plf::colony<>, a proposed unordered container class from the SG14 working group, is one attempt to remedy this situation, providing fast insertion, erasure and iteration performance while maintaining pointer/iterator stability to non-erased elements, which is unaffected by both insertion and erasure.

In this talk we’ll explore both the structure and comparative performance of plf::colony<>, contrasting it with other standard library containers and their potential modifications, showing how it can outperform many typical alternatives where large amounts of insertions and erasures are concerned. This will include details on:

If you’re not interested in new containers, you will still pick up a few concepts to help you with improving your own implementations and high-performance C++ code. If you are interested in better containers, or better container usage, you should definitely attend this talk.

Matt Bentley was born in 1978 and never fully recovered from the experience. He started programming in 1986, completing a BSc Computer Science 1999, before spending three years working for a legal publishing firm, getting chronic fatigue syndrome, quitting, building a music studio, recovering, getting interested in programming again, building a game engine, and stumbling across some generalized solutions to some old problems. He lives in the New Zealand, which as you may know, is near the penguins.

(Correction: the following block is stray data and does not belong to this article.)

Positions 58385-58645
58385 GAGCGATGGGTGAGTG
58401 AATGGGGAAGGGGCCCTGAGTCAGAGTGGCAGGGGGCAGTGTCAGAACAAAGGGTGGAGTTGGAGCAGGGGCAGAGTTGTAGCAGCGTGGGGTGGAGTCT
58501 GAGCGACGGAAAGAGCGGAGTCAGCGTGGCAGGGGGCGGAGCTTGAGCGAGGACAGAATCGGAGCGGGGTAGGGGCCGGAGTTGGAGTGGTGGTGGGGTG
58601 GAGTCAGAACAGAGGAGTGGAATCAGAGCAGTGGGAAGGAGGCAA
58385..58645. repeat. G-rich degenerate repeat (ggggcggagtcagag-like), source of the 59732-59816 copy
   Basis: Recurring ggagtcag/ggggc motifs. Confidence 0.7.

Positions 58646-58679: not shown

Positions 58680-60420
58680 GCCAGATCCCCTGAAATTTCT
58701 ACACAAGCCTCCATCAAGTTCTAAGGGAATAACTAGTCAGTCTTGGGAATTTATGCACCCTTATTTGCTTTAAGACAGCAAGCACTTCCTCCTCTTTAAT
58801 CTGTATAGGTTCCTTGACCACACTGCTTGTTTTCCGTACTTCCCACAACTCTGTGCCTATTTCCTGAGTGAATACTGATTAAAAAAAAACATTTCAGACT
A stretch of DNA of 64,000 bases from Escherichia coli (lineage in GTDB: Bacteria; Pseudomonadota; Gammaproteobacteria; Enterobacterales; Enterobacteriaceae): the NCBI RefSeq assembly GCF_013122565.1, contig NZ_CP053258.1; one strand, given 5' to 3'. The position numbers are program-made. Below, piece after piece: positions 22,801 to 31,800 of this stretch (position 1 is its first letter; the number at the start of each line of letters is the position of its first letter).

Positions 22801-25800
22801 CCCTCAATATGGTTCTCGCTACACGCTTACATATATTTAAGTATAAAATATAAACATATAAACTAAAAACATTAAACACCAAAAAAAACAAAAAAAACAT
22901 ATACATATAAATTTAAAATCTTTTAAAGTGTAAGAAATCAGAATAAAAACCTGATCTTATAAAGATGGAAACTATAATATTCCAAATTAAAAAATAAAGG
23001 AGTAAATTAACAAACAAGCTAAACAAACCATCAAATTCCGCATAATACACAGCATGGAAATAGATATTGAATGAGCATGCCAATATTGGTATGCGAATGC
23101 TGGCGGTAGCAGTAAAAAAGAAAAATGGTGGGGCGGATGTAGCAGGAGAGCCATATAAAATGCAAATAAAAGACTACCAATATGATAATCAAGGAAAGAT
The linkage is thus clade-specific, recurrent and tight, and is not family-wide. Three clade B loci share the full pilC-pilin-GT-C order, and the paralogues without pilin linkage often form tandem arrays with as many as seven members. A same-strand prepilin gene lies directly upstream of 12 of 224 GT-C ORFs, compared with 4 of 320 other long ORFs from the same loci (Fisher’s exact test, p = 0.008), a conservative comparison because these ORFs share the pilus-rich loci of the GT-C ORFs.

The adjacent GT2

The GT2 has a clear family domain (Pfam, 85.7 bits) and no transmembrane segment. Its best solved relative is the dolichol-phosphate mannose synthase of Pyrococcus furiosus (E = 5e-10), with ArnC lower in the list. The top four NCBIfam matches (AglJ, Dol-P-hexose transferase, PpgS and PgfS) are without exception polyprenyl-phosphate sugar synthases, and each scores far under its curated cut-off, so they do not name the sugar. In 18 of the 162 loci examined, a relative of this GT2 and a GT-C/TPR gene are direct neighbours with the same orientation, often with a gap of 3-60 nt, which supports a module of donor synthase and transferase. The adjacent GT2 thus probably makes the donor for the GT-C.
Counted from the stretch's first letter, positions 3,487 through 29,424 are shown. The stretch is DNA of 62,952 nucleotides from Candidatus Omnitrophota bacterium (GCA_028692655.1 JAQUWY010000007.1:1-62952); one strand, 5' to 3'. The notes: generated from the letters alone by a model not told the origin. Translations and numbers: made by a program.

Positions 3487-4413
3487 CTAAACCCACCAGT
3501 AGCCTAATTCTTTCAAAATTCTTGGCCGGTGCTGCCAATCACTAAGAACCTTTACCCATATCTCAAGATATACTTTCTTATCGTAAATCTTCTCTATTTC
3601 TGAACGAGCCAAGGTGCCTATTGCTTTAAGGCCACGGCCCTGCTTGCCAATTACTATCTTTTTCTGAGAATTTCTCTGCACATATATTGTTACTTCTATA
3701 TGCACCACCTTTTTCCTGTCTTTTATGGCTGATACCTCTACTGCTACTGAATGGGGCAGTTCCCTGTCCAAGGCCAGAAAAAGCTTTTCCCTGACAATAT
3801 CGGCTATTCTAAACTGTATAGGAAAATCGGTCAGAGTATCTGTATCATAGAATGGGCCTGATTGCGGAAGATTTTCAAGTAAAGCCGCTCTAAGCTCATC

The Details of std::string at Facebook

Standard strings are slowing you down. Strings are everywhere. Changing the performance of std::string has a measurable impact on the speed of real-world C++ programs. But how can you make strings better? In this talk, we’ll explore how Facebook optimizes strings, especially with our open-source std::string replacement, fbstring. We’ll dive into implementation tradeoffs, especially the storage of data in the struct; examine which standard rules can and cannot be flouted, such as copy-on-write semantics; and share some of the things we’ve learned along the way, like how hard it is to abolish the null-terminator. War stories will be provided

Nicholas Ormrod is an infrastructure engineer at Facebook. His focus is on developer efficiency – how to make coding in C++ easier for other engineers. He enjoys making massive codebase-wide changes, especially to deprecate old C++ features in favor of new ones.